2016-'17 Season Coverage
updated: 3/2/2017 6:27 PM

Tracing the arc of Bambule's game

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  • Laura Stoecker/lstoecker@dailyherald.comMontini's Kaylee Bambule (13) shoots past an attempted block by Burlington Central's Rebecca Gerke (right) in the second quarter Friday.

    Laura Stoecker/lstoecker@dailyherald.comMontini's Kaylee Bambule (13) shoots past an attempted block by Burlington Central's Rebecca Gerke (right) in the second quarter Friday.

 
By Matt Le Cren
Daily Herald Correspondent

Montini senior Kaylee Bambule has been playing basketball for as long as she can remember, but it wasn't until six years ago when she ventured out to 3-point land.

"Probably around sixth grade I started shooting more out there and I thought it was a lot of fun," Bambule said. "I've always just loved being in the gym shooting."

Of course, shooting is always fun when you make your shots, and Bambule has done that with incredible efficiency over her four years in high school.

The 5-foot-8 guard is the Broncos' all-time leading 3-point shooter. Despite missing 14 games due to injury, she has made 292 3-point shots, breaking the previous mark of 276 held by Kateri Stone and Lea Kerstein. That ranks 11th on the IHSA's all-time list.

This season has been Bambule's finest. The Ohio recruit is 115 for 292 from beyond the arc and leads Montini in scoring at 13.6 points a game. Her varsity 3-point percentage is 45 percent.

For her efforts Bambule is the Daily Herald's DuPage County All-Area Girls Basketball Team captain.

More numbers

"When you shoot at a 45 percent career clip, that's amazing," Montini coach Jason Nichols said. "It's outstanding.

"There may be kids that hit more 3s, but she's efficient. Every kid is going to have a bad shooting night. She does not have three or four bad shooting nights in a row."

Bambule, who has 1,242 total points heading into this weekend's Class 4A semifinals, is the best player on arguably the best team in the state. The Broncos (32-1) are two wins away from winning their fifth state championship since 2010. They are 127-11 during Bambule's four years.

But Bambule is as humble as she is accurate when asked about her success this season.

"I just think how our team is set up this year, everyone shares the ball," Bambule said. "That's just how it is. All we've ever done is give each other the ball, so if I'm open I shoot it and it just goes in."

And it will go in from anywhere. Bambule has NBA range and is not afraid to shoot from long distance.

"She can bomb," Nichols said. "At the Christmas tournament against Geneva, they were trying to guard her hard and she popped a 26-footer and hit nothing but net, so she's got big-time distance."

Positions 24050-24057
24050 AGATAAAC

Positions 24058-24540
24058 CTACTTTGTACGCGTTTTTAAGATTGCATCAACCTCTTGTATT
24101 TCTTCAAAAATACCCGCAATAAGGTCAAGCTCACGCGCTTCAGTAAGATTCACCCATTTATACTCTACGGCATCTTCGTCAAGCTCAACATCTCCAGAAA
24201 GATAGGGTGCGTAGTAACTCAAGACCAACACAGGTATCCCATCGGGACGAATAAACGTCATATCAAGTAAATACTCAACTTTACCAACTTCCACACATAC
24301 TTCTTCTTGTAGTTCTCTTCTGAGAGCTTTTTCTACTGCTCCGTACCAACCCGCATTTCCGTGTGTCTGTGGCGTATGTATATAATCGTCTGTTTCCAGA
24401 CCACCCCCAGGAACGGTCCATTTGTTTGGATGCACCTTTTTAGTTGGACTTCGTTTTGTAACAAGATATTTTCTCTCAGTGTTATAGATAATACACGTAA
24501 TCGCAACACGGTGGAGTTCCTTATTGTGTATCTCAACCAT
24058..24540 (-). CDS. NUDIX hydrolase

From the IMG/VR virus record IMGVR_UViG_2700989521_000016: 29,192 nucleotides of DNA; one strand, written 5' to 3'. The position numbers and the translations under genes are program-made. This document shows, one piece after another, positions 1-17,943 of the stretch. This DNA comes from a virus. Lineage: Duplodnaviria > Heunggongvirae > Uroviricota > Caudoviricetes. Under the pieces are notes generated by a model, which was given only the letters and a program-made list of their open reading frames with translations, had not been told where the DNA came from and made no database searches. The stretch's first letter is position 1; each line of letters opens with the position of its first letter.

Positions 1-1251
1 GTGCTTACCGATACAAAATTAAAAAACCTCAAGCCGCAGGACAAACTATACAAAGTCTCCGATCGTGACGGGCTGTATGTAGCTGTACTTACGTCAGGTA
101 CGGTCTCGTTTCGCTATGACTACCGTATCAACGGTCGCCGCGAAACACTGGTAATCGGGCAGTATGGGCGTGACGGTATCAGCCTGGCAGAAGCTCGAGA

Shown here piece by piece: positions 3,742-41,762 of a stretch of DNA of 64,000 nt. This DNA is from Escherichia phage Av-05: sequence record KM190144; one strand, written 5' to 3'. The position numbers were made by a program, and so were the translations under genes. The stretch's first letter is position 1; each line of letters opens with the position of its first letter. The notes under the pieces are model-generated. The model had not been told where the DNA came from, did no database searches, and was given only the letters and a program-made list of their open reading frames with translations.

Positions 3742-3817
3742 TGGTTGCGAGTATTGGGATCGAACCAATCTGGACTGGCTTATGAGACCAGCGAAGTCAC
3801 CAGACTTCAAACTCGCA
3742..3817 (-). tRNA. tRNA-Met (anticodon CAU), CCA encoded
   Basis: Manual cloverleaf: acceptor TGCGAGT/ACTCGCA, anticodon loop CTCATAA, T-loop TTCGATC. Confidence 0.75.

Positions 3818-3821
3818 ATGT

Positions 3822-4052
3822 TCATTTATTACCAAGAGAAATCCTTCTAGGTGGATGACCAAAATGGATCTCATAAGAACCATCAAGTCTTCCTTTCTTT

Other teams know this and sometimes face-guard Bambule out near midcourt.

"If you started a game and you spread her out to Roosevelt Road (a half-mile from campus), they would guard her," Nichols said. "You have to, she's that good."

The ironic thing is Bambule, a first-team all-state selection, often goes unrecognized by the uninitiated. She has guard skills in a power forward's body and is seemingly more suited to playing fullback.

"Some kids will walk in the gym and just look the part," Nichols said. "She plays it but she doesn't necessarily look it.

"When college coaches that didn't know her would come into the gym earlier in her career, I'd say, 'That's our best player and leading scorer over there.'

"They're like, 'That kid?' But after the open gym they'd be like, 'Wow.'"

Bambule knows she isn't the most athletic player, but she has made herself great by studying the finer points of the game and listening to her coaches.

"I think it is just being a student of the game, watching film and learning every aspect of the game," Bambule said. "I'm not always the fastest or jump the highest, but I think if you try to break it down in certain ways you can learn how to beat people in different ways.

"I think of guys in the NBA like Paul Pierce. He's not the most athletic guy but he's really smart and he knows how to break it down, so I always think in that type of way."

Coach's kid

If that sounds like something a coach would say, it's because Bambule is the daughter of a high school coach and aspires to become a college coach.

Her father, Jeff, coached the boys team at Romeoville for 20 years before stepping down so he could watch Kaylee play in high school. He joined the Montini staff this season as an assistant.

"She's totally a kid who is a product of being a coach's daughter," Nichols said. "You could just tell she knows the game inside and out."

The Broncos have relied on Bambule more than ever in the postseason. She tallied a team-high 15 points the 67-52 win over Young in the sectional final, going 6 for 6 from the free-throw line.

In Monday's supersectional Bambule saved the season when she scored on a driving layup to force overtime. The Broncos went on to defeat Homewood-Flossmoor 39-35 in double overtime and remain unbeaten against Illinois opponents.

Bambule rarely drives to the basket, so her layup was as surprising as it was spectacular. But it was just another example of her ability to do the right thing at the right moment. The plan was for her to shoot a 3, but the Vikings had the arc covered.

Bambule began at Montini by winning a state title. Three years later, she aims to end it the same way. The four-year starter wants that to be her legacy.

"The ultimate goal is just to win another state title," Bambule said. "All the individual stuff is a bonus. It's cool, but our goal as a team is to get it all done."

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